The Humane Society of the United States has reviewed the findings of the recent independent assessment of Project Chimps, a sanctuary in Georgia to which we provide financial and administrative support. We commend Project Chimps for committing to the assessment and opening its operations to the expert scrutiny of Dr. Steve Ross of the Lester E. Fisher Center for the Study and Conservation of Apes. We were pleased to see high ratings for the sanctuary in 2 of 3 categories of assessment (those ranking the chimps’ social lives and spaces), and are discussing with the sanctuary the work that needs to be done in the programmatic area, where the assessment noted some room for improvement.

According to the report, “The assessment of the chimpanzees’ social lives was that it was excellent.” The chimpanzees at the sanctuary were found to be living “a very rich and dynamic social life,” and to be displaying low rates of abnormal and anxiety-related behaviors. “Subjectively speaking, and based on past experience, the rates listed here are remarkably good,” the assessment concluded. The assessment also praised the spaces the chimps enjoy at Project Chimps, noting that they are “broadly exceeding those used to house chimpanzees elsewhere,” though with the caveat that “a substantial drawback of the space was the relatively limited access to the outdoor yards.”

In the third “programs” category, the assessment noted some specific areas to focus on, including deepening veterinary resources and expertise (including possibly adding clinic staff as the chimp population grows), increased attention to behavioral monitoring to assess welfare, and further development of the existing positive reinforcement training program. Further details can be found in the full report.

This independent assessment—and the one performed by the Global Federation of Animal Sanctuaries before it—confirms that allegations of "abuse" at Project Chimps are profoundly off the mark. They also signaled that there were areas where Project Chimps would do well to make some upgrades. Many of these have already been prioritized and implemented. Among other things, Project Chimps has:

  • Hired a full-time veterinarian with chimpanzee experience.
  • Hired a full-time behavioral specialist.
  • Built additional climbing structures and resting platforms in its newest housing area.

While Dr. Ross specifically noted that some of the identified issues are challenges common to the chimpanzee sanctuary world and not unique to Project Chimps, as an organization devoted to animal protection, the Humane Society of the United States (HSUS) aims to support the sanctuary in attaining top standards across the board.

While Project Chimps has prioritized and made many recommendations, the HSUS will continue to work with Project Chimps leadership to prioritize the remaining improvements and exploring ways we can help them meet these needs.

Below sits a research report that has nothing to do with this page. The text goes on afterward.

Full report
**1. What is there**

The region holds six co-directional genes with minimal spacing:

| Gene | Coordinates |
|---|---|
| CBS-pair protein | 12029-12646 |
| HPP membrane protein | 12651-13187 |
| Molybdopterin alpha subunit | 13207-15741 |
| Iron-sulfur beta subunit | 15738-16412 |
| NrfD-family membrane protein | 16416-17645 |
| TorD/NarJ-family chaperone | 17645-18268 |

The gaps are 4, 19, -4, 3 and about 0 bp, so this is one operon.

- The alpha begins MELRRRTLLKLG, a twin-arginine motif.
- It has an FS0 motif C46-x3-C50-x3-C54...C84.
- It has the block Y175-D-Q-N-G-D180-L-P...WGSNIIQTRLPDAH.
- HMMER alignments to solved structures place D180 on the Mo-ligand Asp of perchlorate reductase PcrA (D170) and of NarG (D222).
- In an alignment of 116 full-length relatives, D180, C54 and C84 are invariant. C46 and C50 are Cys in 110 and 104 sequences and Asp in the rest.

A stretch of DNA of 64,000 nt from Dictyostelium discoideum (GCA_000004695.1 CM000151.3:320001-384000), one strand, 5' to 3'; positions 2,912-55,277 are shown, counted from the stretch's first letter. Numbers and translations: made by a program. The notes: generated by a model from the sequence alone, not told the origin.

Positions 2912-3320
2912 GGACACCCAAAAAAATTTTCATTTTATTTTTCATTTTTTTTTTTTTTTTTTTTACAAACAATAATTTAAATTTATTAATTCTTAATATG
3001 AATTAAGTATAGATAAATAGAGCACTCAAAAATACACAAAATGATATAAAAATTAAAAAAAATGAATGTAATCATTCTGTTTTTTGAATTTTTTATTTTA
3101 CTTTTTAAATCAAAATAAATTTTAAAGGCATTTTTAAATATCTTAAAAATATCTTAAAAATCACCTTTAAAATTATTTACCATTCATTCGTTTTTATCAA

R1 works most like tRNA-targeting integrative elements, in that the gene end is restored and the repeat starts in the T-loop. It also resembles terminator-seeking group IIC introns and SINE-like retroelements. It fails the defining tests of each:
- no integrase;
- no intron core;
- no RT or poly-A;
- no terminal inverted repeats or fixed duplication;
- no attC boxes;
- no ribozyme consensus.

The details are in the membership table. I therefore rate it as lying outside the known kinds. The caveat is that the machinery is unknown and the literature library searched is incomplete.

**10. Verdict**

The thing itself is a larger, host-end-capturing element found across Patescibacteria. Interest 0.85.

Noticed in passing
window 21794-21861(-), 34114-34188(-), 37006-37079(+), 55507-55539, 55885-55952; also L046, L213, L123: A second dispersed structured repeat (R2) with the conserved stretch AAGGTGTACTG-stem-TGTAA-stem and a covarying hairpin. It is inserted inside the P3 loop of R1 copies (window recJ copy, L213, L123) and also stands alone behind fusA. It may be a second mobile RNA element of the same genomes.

We deeply appreciate the people who care enough about these chimpanzees to have reached out to us with questions and concerns about their care. As Project Chimps continues to make headway in its work to address the items identified as needing improvement, we encourage everyone to visit the sanctuary’s website for updates and to support the sanctuary as it continues to grow and provide a great home for these retired chimpanzees.

Assessment by the Global Federation of Animal Sanctuaries

Last updated August 15, 2020

In 2020, the Global Federation of Animal Sanctuaries (GFAS), a sanctuary accrediting body, carried out a formal site visit at Project Chimps. That assessment confirmed that claims alleging mistreatment of chimpanzees were unfounded and misleading. As part of the GFAS assessment, one of the most well-respected and experienced chimpanzee veterinarians in the world did an assessment of each chimpanzee in April. She found that every chimpanzee was healthy and well cared for. Project Chimps has remained accredited throughout this process. GFAS did make some recommendations, most of which were already planned or in process. Per Project Chimps, all of these have been completed:

  • Contracting with a vet, in addition to the existing veterinarian, who has extensive chimpanzee experience to review specific medical cases and carry out an in-person assessment of all chimpanzees. (Note: The contracting veterinarian concluded that all chimpanzees were in good health.)
  • Adding a cover sheet to each chimpanzee’s medical file highlighting the information contained within it.
  • Prioritizing the development of standard operating procedures that focus on issues such as health assessment, body condition scoring, monthly weight monitoring and fecal collection.
  • Implementing a planned schedule for providing physical enrichment items to ensure the rotation of those items.
  • Prioritizing the addition of certain features of the already-planned installation of new climbing structures, including low platforms.
  • Ensuring a trained spotter is present and observing when another trained staff member enters the zone closest to the chimpanzee enclosure.
  • Renewing the search to fill a position that focuses on behavioral needs and/or enrichment for the chimpanzees.

See Report Summations

For more details, please read our response to one individual who posted misinformation on social media about Project Chimps as well as the Humane Society International’s Second Chance Chimpanzee Refuge Liberia.